The 8th World Water Forum Unites World Leaders and Thousands of Experts to Mark World Water Day
- Co-organized by the World Water Council and the Government of Brazil, the 8th World Water Forum gathers over 12 Heads of State, upwards of 100 Ministers, Parliamentarians and Mayors and thousands of water and sustainable development experts and global citizens in Brazil to commemorate World Water Day on 22 March.
- By 2025, half of the world’s population will be living in water-stressed areas.
- 80% of countries report insufficient funding to meet national drinking water targets.
- More than 840 million people worldwide, or 1 in 9, do not have access to basic drinking water services, and 2.3 billion, or 1 in 3, lack access to a toilet.
World Water Council – More than 840 million people worldwide, or 1 in 9, do not have access to basic drinking water services, and 2.3 billion, or 1 in 3, lack access to a toilet. “Around the world, more people have mobiles phone than toilets,” explains Matt Damon, water activist and actor. In a global effort to avoid widespread water crises and to improve access to safe drinking water and sanitation globally, the World Water Council organizes the 8th edition of its World Water Forum, which is currently underway in Brasilia from 18 – 23 March, coinciding with World Water Day.
Over 1,500 Journalists, and more than 12 Heads of State, including the President of Brazil, Michel Temer, President of Hungary, János Áder, President of Senegal, Macky Sall, South Korean Prime Minister Lee Nak-yeon, and His Imperial Highness the Crown Prince of Japan, alongside CEOs of fortune 500 companies, among many others, have travelled to the Brazilian capital to participate in 17 high-level panels and over 300 sessions, where the future of water security will be mapped out for the next three years. Throughout more than 300 sessions, ranging in specializations, including political, citizens, regional, sustainability, thematic, and special sessions, more than 20,000 attendees from 170 countries have come together in a 90,000m² space to find solutions for our world’s water security challenges.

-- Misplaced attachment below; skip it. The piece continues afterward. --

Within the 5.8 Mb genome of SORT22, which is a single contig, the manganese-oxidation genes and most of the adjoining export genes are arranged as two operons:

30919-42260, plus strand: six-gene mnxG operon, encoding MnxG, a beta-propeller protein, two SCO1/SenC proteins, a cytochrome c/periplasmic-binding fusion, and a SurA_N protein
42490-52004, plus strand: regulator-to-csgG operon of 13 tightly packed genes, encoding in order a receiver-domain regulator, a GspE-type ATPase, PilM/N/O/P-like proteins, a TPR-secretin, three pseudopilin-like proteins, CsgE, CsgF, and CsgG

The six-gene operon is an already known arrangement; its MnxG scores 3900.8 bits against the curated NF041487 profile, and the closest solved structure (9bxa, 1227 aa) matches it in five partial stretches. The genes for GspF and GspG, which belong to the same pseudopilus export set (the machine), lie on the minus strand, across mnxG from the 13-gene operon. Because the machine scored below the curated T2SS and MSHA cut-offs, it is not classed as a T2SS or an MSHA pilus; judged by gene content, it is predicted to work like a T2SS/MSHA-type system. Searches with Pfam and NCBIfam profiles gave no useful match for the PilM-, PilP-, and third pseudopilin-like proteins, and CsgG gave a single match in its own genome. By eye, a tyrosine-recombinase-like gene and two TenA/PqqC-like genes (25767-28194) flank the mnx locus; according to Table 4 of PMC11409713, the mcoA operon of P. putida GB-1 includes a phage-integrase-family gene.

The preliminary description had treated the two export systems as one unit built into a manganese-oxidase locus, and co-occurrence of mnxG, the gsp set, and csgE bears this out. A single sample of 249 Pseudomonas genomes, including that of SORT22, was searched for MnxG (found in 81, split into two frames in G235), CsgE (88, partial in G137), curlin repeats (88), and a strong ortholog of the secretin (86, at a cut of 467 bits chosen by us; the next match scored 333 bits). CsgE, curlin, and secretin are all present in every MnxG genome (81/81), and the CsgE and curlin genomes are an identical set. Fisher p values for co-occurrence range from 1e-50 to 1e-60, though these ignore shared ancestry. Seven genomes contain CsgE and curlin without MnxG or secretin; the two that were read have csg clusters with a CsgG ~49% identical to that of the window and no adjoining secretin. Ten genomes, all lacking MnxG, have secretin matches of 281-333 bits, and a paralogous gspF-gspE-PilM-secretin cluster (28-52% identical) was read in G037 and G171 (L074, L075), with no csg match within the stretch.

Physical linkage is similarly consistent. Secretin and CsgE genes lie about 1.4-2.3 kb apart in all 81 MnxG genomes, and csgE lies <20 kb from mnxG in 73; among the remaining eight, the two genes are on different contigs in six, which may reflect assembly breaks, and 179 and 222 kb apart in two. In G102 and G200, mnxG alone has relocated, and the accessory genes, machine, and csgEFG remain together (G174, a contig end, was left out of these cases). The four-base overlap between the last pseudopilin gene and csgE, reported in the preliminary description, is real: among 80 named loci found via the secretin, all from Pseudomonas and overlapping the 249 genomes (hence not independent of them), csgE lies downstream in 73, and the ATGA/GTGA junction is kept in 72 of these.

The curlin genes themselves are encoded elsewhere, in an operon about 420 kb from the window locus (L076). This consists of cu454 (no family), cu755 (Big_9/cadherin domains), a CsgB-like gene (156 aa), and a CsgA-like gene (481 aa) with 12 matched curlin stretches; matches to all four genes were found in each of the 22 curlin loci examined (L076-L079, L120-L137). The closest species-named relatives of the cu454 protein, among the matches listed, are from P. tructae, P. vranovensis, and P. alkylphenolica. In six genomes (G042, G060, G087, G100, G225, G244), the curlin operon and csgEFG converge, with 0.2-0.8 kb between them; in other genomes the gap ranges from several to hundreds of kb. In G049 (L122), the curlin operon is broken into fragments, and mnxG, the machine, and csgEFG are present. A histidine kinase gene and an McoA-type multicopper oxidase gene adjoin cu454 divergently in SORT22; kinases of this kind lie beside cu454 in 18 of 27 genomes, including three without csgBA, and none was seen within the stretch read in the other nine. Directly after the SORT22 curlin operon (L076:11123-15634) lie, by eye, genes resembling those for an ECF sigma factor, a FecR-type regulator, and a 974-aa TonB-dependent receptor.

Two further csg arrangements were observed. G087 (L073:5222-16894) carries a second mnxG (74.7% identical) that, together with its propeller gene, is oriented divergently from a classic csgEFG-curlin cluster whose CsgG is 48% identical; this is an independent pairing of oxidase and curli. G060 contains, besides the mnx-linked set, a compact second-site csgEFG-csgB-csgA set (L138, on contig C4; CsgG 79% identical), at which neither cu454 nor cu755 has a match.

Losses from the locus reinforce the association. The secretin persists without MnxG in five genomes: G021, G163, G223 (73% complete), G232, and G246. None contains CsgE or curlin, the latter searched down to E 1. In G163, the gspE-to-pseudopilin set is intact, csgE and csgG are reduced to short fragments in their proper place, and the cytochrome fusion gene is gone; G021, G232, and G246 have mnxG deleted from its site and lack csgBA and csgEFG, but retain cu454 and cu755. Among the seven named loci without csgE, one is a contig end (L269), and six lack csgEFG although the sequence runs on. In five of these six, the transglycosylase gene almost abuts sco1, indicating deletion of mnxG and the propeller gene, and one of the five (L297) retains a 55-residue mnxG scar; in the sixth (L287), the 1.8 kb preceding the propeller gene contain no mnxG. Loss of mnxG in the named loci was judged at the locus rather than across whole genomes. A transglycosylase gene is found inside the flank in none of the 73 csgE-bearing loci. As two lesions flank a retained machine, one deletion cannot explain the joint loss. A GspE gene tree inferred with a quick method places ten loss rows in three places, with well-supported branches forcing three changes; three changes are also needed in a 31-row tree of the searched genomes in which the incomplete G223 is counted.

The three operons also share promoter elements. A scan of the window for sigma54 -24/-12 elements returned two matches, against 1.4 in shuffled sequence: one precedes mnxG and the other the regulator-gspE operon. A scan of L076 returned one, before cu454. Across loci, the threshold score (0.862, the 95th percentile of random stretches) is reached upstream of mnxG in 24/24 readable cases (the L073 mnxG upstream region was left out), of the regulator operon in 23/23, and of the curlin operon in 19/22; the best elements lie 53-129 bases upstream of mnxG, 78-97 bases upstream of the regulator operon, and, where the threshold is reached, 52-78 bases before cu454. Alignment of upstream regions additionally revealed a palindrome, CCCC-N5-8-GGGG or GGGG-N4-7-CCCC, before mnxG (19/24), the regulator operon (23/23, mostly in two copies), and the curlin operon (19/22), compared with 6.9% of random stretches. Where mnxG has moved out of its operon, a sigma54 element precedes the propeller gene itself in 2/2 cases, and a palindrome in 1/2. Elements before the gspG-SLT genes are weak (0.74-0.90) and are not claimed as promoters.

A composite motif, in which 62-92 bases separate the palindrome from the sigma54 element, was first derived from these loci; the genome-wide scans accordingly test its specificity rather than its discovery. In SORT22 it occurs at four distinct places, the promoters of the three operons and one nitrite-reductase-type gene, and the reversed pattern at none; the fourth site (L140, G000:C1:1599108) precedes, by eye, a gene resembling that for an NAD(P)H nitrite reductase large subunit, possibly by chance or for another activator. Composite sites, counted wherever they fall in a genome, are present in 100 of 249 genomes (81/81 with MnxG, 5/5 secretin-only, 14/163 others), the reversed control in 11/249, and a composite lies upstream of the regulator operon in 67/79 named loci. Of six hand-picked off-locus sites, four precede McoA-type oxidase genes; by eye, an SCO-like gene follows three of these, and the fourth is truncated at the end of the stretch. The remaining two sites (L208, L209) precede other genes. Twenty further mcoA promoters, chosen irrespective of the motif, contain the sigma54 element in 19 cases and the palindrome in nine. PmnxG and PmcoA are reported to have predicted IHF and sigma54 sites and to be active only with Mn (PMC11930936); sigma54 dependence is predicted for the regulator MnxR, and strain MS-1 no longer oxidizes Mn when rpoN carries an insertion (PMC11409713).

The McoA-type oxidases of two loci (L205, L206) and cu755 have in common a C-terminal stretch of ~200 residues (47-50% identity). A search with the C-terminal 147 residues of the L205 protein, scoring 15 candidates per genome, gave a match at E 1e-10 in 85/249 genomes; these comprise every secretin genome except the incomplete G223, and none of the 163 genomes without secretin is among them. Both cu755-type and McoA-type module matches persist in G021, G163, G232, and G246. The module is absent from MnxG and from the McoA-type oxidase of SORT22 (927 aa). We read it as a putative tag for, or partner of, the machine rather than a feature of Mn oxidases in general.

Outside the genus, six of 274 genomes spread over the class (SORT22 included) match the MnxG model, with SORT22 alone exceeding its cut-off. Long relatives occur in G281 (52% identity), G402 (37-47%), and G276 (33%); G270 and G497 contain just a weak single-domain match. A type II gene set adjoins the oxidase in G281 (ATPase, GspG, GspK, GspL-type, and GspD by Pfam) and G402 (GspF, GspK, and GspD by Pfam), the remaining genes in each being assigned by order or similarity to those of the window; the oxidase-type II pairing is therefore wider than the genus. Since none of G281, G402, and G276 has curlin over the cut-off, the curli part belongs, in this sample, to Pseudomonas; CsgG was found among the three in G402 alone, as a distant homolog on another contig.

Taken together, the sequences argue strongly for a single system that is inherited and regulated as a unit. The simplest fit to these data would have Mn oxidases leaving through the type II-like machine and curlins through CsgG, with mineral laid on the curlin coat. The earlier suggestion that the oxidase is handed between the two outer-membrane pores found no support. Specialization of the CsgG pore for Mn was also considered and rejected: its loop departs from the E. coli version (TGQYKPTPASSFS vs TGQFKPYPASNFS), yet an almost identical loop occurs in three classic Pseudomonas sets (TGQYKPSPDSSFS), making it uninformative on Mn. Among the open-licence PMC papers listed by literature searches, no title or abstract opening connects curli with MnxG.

The first World Water Forum was hosted by Morocco in 1997. Among its triumphs, the triennial World Water Forum has been instrumental in promoting the acknowledgment of Access to Water as a Human Right, which was finally recognized in 2010 by the UN. This came on the heels of the 6th World Water Forum (Istanbul, Turkey) where the fundamental nature of this right was defended at every turn.
Furthermore, the World Water Forum and its creator, the World Water Council, have played key roles in ensuring recognition for Sustainable Development Goal 6 (SDG), ensuring safe access to water and sanitation for all. This goal, set by the United Nations in 2015, is to be achieved by 2030. “Achieving water security demands pushing the boundaries impeded by competing uses for water exacerbated in a context of global changes. This World Water Forum is here to advance the paramount role of water and enable global change-sensitive decision-making,” explains World Water Council President, Benedito Braga.
The Southern Hemisphere hosts the World Water Forum for the first time, opening South America’s doors to dialogue and an exchange of experiences and best practices related to the use of water. This Brazilian edition will offer a Citizens Village, which welcomes all global citizens free of charge to participate in the debate through exhibitions, lectures, movies, arts & crafts workshops, entertainment, talk shows and gourmet food courts. The World Water Council invites everyone to be part of its flagship global water event.
The World Water Forum, attended by 300 local and regional authorities, 200 parliamentarians, and 100 official delegations, is also a crucial opportunity for global authorities to share knowledge and develop strategies for various issues, such as combating climate variability and water scarcity. By 2025, half of the world’s population will be living in water-stressed areas as droughts, floods and other water crises are plaguing many parts of globe, such as Cape Town, South Africa, or São Paolo. The Brazilian city’s main water supply, the Cantareria reservoir, was recently reduced to 5% capacity, comparable to just a month’s supply. The irony of this reality rests in the fact that Brazil hosts the world’s largest source of freshwater, 12% of the global supply.